Final Cut Pro was used to edit many a Hollywood movie including “The Social Network”, “The Girl with the Dragon Tattoo”, “No Country for Old Men”, and the effects-heavy swords and sandals epic, “300”.
Could a program that you can run on your MacBook really do the job these productions require? Yes. So it must cost a fortune, right? No.
I started using Final Cut Pro to make home movies, because it was an affordable program that offered more features than I (at the time) could imagine using.
But as the years went by, and I began to both use more of those features – and get paid to do it – I’ve thought back to the gulping noises I made when I clicked “buy” in the App store without a hint of regret.
Note: All prices and offers listed are as of October 2022.
Table of Contents
- Final Cut Pro costs $299.99.
- Adding on the Motion (visual effects) and Compressor (advanced exporting) programs will add another $100.
- But the total price compares favorably to the cost of other professional video editing programs.
So What Does Final Cut Pro Cost?
The short answer is: A one-time payment of $299.99 gets you Final Cut Pro (installable on multiple computers) for use in perpetuity with all future upgrades free of charge.
To be clear: There are no subscription charges or additional fees to use Final Cut Pro. Once you buy it, you own it.
Now, the fine print does say that Apple can change its mind and decide to charge you for the newest version of the software, but they haven’t invoked this right in the decade since Final Cut Pro X has been around. (They dropped the “X” in 2020 – It is just “Final Cut Pro” now.)
However, it is worth clarifying that while Final Cut Pro is a fully featured professional editing program, many users will need to or choose to buy the companion programs, Motion and Compressor, which each cost $49.99.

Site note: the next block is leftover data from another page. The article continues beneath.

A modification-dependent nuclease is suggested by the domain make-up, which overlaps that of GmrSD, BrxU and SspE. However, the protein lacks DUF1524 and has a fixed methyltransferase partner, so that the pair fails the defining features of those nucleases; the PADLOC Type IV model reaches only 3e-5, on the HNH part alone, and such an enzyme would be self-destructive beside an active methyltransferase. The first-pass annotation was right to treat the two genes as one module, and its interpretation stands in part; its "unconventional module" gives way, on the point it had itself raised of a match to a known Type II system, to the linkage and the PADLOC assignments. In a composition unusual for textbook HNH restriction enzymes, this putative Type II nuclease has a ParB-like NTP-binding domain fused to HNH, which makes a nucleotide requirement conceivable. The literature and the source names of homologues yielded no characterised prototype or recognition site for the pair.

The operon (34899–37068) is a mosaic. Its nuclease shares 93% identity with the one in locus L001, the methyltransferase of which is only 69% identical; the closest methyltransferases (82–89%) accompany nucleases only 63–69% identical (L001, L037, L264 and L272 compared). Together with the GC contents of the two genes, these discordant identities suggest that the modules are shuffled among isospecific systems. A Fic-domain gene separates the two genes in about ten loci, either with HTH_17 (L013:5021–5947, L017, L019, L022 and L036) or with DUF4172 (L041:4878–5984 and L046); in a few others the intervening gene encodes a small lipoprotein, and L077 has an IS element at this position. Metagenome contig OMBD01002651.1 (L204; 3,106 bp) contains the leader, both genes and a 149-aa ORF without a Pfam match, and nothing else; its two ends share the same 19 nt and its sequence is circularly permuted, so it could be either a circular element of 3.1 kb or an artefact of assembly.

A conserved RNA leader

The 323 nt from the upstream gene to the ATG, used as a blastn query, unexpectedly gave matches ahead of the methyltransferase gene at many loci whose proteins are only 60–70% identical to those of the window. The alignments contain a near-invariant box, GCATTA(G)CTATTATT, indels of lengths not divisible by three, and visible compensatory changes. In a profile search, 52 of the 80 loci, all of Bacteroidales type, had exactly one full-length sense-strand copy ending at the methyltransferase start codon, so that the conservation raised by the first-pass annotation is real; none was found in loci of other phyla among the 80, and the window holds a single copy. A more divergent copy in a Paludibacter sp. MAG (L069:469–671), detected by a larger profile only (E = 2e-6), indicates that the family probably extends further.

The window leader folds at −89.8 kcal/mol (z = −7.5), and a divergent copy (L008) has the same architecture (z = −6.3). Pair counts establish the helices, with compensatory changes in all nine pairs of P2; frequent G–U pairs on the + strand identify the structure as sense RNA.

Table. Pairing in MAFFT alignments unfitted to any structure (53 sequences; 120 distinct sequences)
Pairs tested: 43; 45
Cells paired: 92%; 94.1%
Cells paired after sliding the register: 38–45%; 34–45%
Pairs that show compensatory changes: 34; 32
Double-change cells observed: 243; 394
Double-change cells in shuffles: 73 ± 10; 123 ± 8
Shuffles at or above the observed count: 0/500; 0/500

While both of these programs are helpful in making movies, neither is really essential until you get deep into special effects (Motion) or need industrial-strength options for exporting your movies (Compressor).
Is $299.99 a Lot for a Professional Video Editing Program?
The short answer is “no”, but sadly the question is not a simple one to answer.
Final Cut Pro is, along with Avid Media Composer, Adobe Premiere Pro, and DaVinci Resolve, one of the big four professional video editing programs.
But each one of these programs prices itself differently, with different features and/or content included, which makes it hard to compare apples (no pun intended) to apples.
Avid Media Composer, or just “Avid” as it is commonly known, is the granddaddy of video editors. But it is sold as a subscription, which starts at $23.99 a month, or $287.88 a year. While you can buy a perpetual license (like Final Cut Pro) for Avid, it will cost you a whopping $1,999.00. Students, however, can get a perpetual license for just $295.00, but after the first year you have to pay for upgrades.
Similarly, Adobe sells Premiere Pro on a subscription basis, charging $20.99 a month or $251.88 a year. And After Effects (a visual effects program similar to Apple’s Motion) costs another $20.99 per month.
Now, you can pay Adobe $54.99 each month to subscribe to the “Creative Cloud” and get not just Premiere Pro, but After Effects and all of Adobe’s other apps. Which are a ton.
Adobe Creative Cloud includes every Adobe program you’ve probably heard of (including Photoshop, Illustrator, Lightroom, and Audition) as well as a bunch more you may never have heard of, and may love, but also may find useless.
However, $54.99 a month adds up to $659.88 a year. Which is not chump change.